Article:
Argentina has too many citizens and residents addicted to drugs and is under attack from narcos, according to the government, which has declared a “National Emergency With Regards To Addictions” until 31 December 2018.
The measure, announced in today’s Official Bulletin, has as its “backbone” a “comprehensive approach” to the “prevention and treatment” of addiction, including “the social inclusion of those people that are affected by this issue.” It will see SEDRONAR, the government agency that deals with drug addiction and drug trafficking, elaborate and implement a series of actions – still to be thoroughly fleshed out – to achieve this goal.
The government, which included “destroying narco-trafficking” as one of its 2015 campaign promises, has been talking about drugs for quite some time. In January, the President claimed that the “inaction or complicity” of the previous government had led to the advancement of narcotrafficking “like never before.” Then, in August, he announced the plan “Argentina Without Drugs,” which focuses on implementing awareness programs in schools. On November 29, Security Minister Patricia Bullrich inaugurated the Center of Criminal Intelligence in Jujuy, which will gather data about drug-trafficking in the region.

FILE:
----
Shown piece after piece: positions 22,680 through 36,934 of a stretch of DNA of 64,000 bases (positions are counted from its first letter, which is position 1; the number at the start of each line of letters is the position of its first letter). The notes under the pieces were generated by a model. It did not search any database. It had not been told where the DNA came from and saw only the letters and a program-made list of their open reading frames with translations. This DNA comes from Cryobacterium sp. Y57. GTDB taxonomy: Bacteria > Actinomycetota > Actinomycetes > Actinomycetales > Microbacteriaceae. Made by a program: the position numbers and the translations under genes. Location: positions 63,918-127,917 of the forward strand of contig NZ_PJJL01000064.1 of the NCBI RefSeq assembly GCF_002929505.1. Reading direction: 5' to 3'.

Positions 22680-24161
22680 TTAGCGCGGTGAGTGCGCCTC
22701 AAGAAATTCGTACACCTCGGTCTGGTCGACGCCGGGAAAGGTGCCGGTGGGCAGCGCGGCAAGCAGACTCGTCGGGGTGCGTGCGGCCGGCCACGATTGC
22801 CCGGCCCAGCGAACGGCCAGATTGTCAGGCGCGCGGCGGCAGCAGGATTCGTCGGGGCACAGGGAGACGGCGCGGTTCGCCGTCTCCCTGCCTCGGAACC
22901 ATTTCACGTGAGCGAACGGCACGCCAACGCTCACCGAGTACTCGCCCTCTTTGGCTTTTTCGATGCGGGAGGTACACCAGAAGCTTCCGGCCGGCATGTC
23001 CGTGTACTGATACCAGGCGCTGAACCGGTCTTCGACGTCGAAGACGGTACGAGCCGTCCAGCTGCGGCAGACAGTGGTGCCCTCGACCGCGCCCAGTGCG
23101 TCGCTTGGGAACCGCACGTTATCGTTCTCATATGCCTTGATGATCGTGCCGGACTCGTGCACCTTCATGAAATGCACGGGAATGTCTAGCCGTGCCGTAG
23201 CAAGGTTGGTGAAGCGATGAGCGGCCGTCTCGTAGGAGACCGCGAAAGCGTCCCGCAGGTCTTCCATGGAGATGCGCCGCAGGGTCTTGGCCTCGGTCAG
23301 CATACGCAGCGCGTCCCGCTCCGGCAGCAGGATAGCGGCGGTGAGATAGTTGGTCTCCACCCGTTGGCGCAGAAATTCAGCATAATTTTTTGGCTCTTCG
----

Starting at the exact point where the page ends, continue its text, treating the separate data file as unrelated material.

Though the government’s language about combating drugs has hitherto been bellicose, this latest decree, with its emphasis on the “health” of “civic duty,” and references to social inclusion, will presumably involve treating drug addiction as a sickness as opposed to (or possibly in addition to) a crime.
In declaring the emergency, the government relies, in part, on report prepared by the National Pontificate Catholic University of Argentina. The report describes an “important increase” in the number of argentine homes that perceive an “increase in the sale of drugs in their neighborhood,” particularly in urban centers, the conurbano bonaerense, and in the north of the country. The report cites poverty as one of the key factors implicated in addiction, describing the drug addict as someone who is frequently “marked by a process of alienation of their human dignity.”
It has also been prompted by the Catholic Church’s repeated cries for a coordinated response to drug-related problems. Pope Francis, in particular, has been very vocal about drugs, describing drug trafficking as a “true crime against humanity.”